In the following examples, results are reported in terms of productivity, weight percent C4 and selectivity to 1-butene, trans-2-butene and cis-2-butene. Productivity is defined as the grams of oligomerization product (olefinic oligomers of ethylene, i.e. Cn H2n, or simply "Cn ", where n=4,6. . .) produced per gram of Ni per hour, and was calculated in each example based on grams of ethylene reacted. Weight percent C4 is the weight percent of the dimer C4 of the total oligomerization product. Selectivity to 1-butene, trans-2-butene and cis-2-butene is given in terms of the weight percent of the total C4 fraction.
This example demonstrates dimerization of ethylene in accordance with the invention employing anhydrous nickel(II) acetylacetonate, a variety of different phosphite compounds, triethylaluminum and trifluoroncetic acid.
A reactor was purged with nitrogen for 5 minutes followed by addition of 50 mL of freshly distilled toluene, a phosphite (0.95 mmol) shown in Table I and anhydrous nickel(II) acetylacetonate (0.244 g; 0.95 mmol). 0.5 mL of a 1.9M solution of triethylaluminum (0.95 mmol) in toluene was then added through an addition valve of the reactor. The reactor was then sealed, purged with ethylene six times, and then pressured to 200 psig with ethylene for 30 minutes. All of the above described steps were undertaken at ambient temperature (about 25° C.).
Freshly distilled trifluoroacetic acid (0.325 g; 2.85 mmol) was added to a 40 mL addition vessel equipped with a pressure gauge, by the use of a syringe. The vessel was immediately sealed and pressured to 700 psig with ethylene. The contents of the addition vessel, including the ethylene, were then transferred to the reactor at the end of the above-mentioned 30 minute period through its addition valve. Reaction proceeded immediately, evidenced by the rise in reaction temperature. The reaction temperature was controlled at the temperature (Rx Temp. in °C.) indicated in Table I by use of external cooling water. The internal reactor pressure was maintained at 700 psig and the reaction was continued for a time (Rx time in minutes) also indicated in Table I.
At the end of the reaction period, a sample of the product reaction mixture was taken from the reactor through its sample valve into a 50 mL pressure sample tube, and was analyzed as described above. The resulting selectivities and weight percent C4 data, along with corresponding phosphite compound and productivity, are set forth in Table I.
TABLE I__________________________________________________________________________ Selectivity wt. % 1-, trans-2-,Run Phosphite Rx Temp. Rx Time Productivity Wt. % C4 cis-2-butene__________________________________________________________________________1 Trimethylphosphite 40 60 817 94 10,66,242 Triethylphosphite 40 60 881 94 10,65,253 Triisopropylphosphite 40 30 982 96 7,64,294 Tri-n-butylphosphite 40 30 1558 95 10,63,275 Triphenylphosphite 39 60 1864 95 8,67,256 Tris(ortho-tolyl)phosphite 40 30 3779 94 10,61,297 Tricyclohexylphosphite 38 60 525 95 9,63,28__________________________________________________________________________
The results of Table I indicate a weight percent of C4 of the total oligomerization product to be at least 94 weight percent, with the selectivity to 2-butenes being at least 90%. Table I also indicates a productivity as high as 3779 g/g/hr with tris(ortho-tolyl)phosphite as the phosphite compound.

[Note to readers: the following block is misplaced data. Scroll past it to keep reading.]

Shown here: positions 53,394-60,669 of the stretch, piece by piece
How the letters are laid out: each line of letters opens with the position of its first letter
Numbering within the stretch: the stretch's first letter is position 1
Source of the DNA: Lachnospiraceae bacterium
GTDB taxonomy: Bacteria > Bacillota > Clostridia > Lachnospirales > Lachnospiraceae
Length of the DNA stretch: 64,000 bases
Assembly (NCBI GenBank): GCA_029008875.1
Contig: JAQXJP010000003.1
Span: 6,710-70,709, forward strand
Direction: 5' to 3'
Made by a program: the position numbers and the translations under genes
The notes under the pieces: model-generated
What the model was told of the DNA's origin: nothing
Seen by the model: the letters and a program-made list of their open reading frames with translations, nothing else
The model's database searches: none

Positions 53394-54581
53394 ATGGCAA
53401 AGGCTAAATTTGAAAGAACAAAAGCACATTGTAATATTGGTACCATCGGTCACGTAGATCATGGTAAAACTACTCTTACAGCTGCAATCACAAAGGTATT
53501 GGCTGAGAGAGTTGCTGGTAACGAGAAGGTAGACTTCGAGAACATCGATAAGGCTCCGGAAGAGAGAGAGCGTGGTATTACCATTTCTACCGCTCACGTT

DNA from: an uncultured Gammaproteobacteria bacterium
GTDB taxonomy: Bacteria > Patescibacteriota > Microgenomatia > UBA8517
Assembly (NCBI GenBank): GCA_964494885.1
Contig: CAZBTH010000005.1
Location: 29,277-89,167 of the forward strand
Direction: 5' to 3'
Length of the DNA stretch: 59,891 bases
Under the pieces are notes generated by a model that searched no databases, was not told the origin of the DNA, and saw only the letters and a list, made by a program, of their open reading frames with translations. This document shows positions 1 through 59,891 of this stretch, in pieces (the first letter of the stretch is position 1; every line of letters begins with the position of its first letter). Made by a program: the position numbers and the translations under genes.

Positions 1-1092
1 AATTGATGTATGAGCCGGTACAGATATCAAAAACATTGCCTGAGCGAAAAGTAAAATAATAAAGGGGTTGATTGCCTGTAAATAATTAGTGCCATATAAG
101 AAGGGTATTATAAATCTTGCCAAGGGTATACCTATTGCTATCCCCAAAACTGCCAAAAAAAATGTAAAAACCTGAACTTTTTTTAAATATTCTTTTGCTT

This example further demonstrates ethylene dimerization in additional runs which are similar to the runs of Example I except for the below noted differences.
The runs of this example were carried out similarly to the runs of Example I except for the following: hydrated nickel(II) acetylacetonate (0.278 g; 0.95 mmol) was used instead of anhydrous nickel(II) acetylacetonate; 1 mL of the 1.9M triethylaluminum solution was employed instead of 0.5 mL; and a greater amount (0.650 g; 5.70 mmol) of trifluoroacetic acid was used. Reaction times, reaction temperatures, and butene product data are provided in Table II.
TABLE II__________________________________________________________________________ Selectivity wt. % 1-, trans-2-,Run Phosphite Rx Temp. Rx Time Productivity Wt. % C4 cis-2-butene__________________________________________________________________________ 8 Trimethylphosphite 40 60 838 94 10,65,25 9 Triethylphosphite 40 60 981 95 9,65,2610 Triisopropylphosphite 40 60 1223 96 7,64,2911 Tri-n-butylphosphite 40 60 2147 95 9,63,2812 Triphenylphosphite 39 60 2366 94 8,65,2713 Tris(ortho-tolyl)phosphite 40 30 4332 94 9,62,2914 Tricyclohexylphosphite 40 60 1167 95 9,63,28__________________________________________________________________________
The results of Table II are similar to those of Table I, but indicate even higher productivities.
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|U.S. Classification||585/513, 585/520, 585/514, 585/512, 585/510, 585/527, 585/511|
|International Classification||C07C2/30, C07C2/34|
|Cooperative Classification||C07C2531/04, C07C2/30, C07C2531/14, C07C2531/02, C07C2/34, C07C2531/22|
|European Classification||C07C2/34, C07C2/30|
|Dec 18, 1991||AS||Assignment|
Owner name: PHILLIPS PETROLEUM COMPANY
Free format text: ASSIGNMENT OF ASSIGNORS INTEREST.;ASSIGNOR:WU, AN-HSIANG;REEL/FRAME:005954/0612
Effective date: 19911217
|Apr 15, 1996||FPAY||Fee payment|
Year of fee payment: 4
|Mar 29, 2000||FPAY||Fee payment|
Year of fee payment: 8
|May 26, 2004||REMI||Maintenance fee reminder mailed|
|Nov 10, 2004||LAPS||Lapse for failure to pay maintenance fees|
|Jan 4, 2005||FP||Expired due to failure to pay maintenance fee|
Effective date: 20041110